Here a homeowner describes the liming process:  “This is an ancient process where agricultural lime is mixed with water, then applied to the brick. Instead of sealing in moisture like paint will, the lime allows the brick to breathe. Eventually it does wear away, but I like that “old” look. It is also totally eco friendly and cheap! A bag of lime is around $10 and it took about 8 to do our house.”

The thing I love most about the Ask Miss Cote de Texas series is the involvement of the readers.  So many great ideas were given to this homeowner that she can take with her.  She did have a meeting with an architect this week who suggested they use just one material – preferably the wood!  He gave them a lot of ideas and she said the money spent on the meeting was well worth it. 

After I had written that story, I noticed that the owner, Jen, had a blog – a combination mommy/décor blog – and one night I settled in to read it.  What I learned from her blog is that Jen is rather young and happily married to her high school sweetheart (“The Engineer”) – they have three very young children, whom she homeschools.  Religion is a very big part of their lives and her blog is a testament to her faith.  While she writes a lot about her family, her blog also tells the story of her house’s renovation.  Except it’s not the red brick house – but their old house they have just moved from!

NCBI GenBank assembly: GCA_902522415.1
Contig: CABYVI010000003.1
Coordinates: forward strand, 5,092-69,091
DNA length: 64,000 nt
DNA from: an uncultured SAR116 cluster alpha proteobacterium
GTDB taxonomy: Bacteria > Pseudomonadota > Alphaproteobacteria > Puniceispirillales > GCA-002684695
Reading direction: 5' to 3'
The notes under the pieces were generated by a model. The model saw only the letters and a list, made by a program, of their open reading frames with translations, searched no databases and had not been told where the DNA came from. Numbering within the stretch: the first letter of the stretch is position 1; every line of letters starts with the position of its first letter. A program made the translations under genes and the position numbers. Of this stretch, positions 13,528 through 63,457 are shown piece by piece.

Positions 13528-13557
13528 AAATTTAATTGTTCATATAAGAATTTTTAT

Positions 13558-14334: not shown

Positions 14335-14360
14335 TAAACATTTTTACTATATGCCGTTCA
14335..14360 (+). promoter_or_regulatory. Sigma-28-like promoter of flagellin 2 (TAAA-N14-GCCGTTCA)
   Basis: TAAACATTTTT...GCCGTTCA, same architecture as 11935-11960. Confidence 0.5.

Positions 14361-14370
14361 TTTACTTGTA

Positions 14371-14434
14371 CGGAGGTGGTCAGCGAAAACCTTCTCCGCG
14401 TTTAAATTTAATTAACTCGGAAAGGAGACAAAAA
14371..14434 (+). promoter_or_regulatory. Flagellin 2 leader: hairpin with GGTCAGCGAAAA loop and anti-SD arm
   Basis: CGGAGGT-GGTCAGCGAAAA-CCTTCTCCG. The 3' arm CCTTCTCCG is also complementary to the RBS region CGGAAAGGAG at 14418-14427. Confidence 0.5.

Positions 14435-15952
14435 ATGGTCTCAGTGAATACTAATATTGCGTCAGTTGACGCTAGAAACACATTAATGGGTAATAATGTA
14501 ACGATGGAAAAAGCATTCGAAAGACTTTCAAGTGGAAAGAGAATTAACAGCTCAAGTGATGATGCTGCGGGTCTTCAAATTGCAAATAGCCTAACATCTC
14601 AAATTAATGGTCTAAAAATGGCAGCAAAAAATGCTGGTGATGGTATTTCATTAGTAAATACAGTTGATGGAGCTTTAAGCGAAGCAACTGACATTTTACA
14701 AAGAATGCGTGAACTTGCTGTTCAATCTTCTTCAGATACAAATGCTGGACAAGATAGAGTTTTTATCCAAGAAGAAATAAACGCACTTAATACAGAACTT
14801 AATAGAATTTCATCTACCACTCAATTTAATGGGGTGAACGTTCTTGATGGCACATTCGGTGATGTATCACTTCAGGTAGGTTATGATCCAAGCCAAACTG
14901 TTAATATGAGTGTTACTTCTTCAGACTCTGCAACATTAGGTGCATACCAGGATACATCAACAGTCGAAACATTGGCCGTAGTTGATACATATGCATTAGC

Here is the precious house she just very recently moved from when her husband was transferred to another city.  She told me that they lived her for 8 years and thought this was their “forever” house – they had no plans to ever move from here, but fate stepped in and her husband got an offer for his dream job in another city. 



Here is what the house looked like when the bought it!  They were 21 years old at the time.   The house has 5 bedrooms and three baths – and is 3800 sq. ft.  The master bedroom is downstairs – and the children’s bedrooms and a playroom are upstairs which make it a perfect family home and in later years – a great empty nester house.  As you can see, the house had been totally neglected.  The floors were rotten in three sections and the area in front of the kitchen sink actually collapsed when she was washing dishes!  You can see the plants growing in the gutters.  The house was covered in old vinyl siding – but there were shingles underneath.   The renovations took time – and lasted all 8 years they lived here.  They did what they could when they could – money and time being factors.  Everything was paid in cash, as opposed to borrowing money or using credit.  During the 8 years they lived here, they had 3 babies – who are now all homeschooled.